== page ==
9 posted on 05/03/2011 9:37:00 AM PDT by BubbaBasher ("Liberty will not long survive the total extinction of morals" - Sam Adams)
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To: BubbaBasher

Software, Monitor, Cost of your time - All included in that price? Would you build me a comparable one to the iMac for under $1000?


10 posted on 05/03/2011 9:49:23 AM PDT by Chipper (You can't kill an Obamazombie by destroying the brain...they didn't have one to begin with.)
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To: newheart

http://buyersguide.macrumors.com/

Never buy an Apple product without first checking that buyer’s guide. The check historical release timelines and all the rumors to come up with what is usually a pretty accurate suggestion.


11 posted on 05/03/2011 10:00:53 AM PDT by antiRepublicrat
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To: antiRepublicrat

Yeah, I bought it just as they updated the MacBook Pro. I would have waited but it was a must-buy situation with my old iMac dying in the middle of a big project.


12 posted on 05/03/2011 10:15:18 AM PDT by newheart (The trouble ain't too many fools, but that the lightning ain't distributed right. -Mark Twain)
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To: dennisw
AKA SandyBridge.

AKA current generation.

13 posted on 05/03/2011 10:21:51 AM PDT by tacticalogic
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To: Chipper; BubbaBasher
> Software, Monitor, Cost of your time - All included in that price? Would you build me a comparable one to the iMac for under $1000?

Sure, no problem! What's time worth, $2/hr? Piece of cake. And good anti-virus software is free and never ever slows down the system, and Windows Updates only take 15 seconds or so, and never cause system problems. And... and...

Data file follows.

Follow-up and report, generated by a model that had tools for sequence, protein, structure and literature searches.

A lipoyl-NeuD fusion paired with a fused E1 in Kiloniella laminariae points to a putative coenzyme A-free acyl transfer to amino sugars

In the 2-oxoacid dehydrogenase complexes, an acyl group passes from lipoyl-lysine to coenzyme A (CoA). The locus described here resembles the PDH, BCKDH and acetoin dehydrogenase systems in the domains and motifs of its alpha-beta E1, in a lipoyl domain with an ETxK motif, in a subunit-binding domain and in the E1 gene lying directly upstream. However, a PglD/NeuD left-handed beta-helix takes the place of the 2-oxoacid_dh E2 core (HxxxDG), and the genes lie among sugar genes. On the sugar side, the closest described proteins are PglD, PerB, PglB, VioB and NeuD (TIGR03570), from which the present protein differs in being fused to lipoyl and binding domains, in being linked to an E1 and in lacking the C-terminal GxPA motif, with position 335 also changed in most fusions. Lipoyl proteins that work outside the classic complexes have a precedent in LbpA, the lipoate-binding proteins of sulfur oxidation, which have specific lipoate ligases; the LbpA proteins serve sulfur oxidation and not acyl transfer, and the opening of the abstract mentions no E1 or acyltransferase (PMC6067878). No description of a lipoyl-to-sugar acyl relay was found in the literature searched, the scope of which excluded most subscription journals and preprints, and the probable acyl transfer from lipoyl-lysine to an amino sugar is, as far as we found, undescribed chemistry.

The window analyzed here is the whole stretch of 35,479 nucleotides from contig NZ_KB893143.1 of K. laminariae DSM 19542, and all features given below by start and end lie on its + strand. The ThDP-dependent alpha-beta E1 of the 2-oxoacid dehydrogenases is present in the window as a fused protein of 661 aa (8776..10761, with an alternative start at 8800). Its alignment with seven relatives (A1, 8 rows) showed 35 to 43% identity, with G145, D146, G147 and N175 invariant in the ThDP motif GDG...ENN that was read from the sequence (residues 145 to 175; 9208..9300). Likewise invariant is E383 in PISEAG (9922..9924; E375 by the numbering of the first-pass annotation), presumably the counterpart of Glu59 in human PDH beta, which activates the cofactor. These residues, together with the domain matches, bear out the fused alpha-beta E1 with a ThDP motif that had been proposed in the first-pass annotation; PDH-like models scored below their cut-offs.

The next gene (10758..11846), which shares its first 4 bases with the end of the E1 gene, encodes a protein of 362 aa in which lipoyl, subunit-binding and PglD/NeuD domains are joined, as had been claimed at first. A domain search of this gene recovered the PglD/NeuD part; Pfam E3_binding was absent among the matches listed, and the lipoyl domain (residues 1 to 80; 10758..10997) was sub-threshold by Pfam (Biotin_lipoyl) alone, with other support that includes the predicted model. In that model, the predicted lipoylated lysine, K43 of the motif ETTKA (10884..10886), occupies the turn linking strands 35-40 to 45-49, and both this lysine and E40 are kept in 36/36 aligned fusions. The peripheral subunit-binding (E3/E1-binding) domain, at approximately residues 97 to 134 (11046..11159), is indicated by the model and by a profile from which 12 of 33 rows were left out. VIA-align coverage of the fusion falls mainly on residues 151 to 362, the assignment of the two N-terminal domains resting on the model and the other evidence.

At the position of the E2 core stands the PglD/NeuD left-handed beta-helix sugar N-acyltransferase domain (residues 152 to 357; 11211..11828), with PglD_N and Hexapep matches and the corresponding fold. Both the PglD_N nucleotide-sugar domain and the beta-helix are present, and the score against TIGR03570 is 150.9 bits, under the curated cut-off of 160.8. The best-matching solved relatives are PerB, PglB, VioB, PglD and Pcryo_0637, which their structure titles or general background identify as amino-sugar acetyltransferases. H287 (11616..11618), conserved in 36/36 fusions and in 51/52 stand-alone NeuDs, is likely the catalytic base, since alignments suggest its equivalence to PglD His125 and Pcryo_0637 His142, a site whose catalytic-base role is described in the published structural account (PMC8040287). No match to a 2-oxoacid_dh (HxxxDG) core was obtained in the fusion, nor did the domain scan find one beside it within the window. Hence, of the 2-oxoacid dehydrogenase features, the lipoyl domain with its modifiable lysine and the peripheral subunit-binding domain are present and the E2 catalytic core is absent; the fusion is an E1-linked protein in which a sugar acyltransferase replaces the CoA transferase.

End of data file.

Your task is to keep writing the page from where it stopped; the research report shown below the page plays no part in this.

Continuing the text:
I actually like Windows 7, so I'm not griping about that per se. But as one who has a few of each (Mac and Win/PC) and uses them all daily, it really is the case that the "cheap PC" ends up costing just as much as a Mac by the time it's all factored in.

The only thing cheaper about a cheap PC is the initial purchase price of the hardware. So I suppose all these "mine is cheaper" folks drive Yugos? The logic is the same.

It's good to live in a country with lots of choices. Everybody should be happy.

14 posted on 05/03/2011 10:23:51 AM PDT by dayglored (Listen, strange women lying in ponds distributing swords is no basis for a system of government!)
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To: dayglored
Everybody should be happy.

It makes some people happy to build their own computer.

15 posted on 05/03/2011 10:27:30 AM PDT by tacticalogic
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To: tacticalogic
>> Everybody should be happy.

> It makes some people happy to build their own computer.

Oh, I know. I've been doing that since 1976 - 35 years.

Trust me, I know the true cost of a homebrew personal computer just as well as a slick pre-assembled one. :)

16 posted on 05/03/2011 10:46:05 AM PDT by dayglored (Listen, strange women lying in ponds distributing swords is no basis for a system of government!)
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17 posted on 05/03/2011 10:46:26 AM PDT by TheOldLady (Almost as evil as the Freeper Criminal Mastermind)
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To: dayglored

If it’s such a financial drain, why do you keep doing it?


18 posted on 05/03/2011 10:50:03 AM PDT by tacticalogic
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To: antiRepublicrat
Never buy an Apple product without first checking that buyer’s guide. The check historical release timelines and all the rumors to come up with what is usually a pretty accurate suggestion.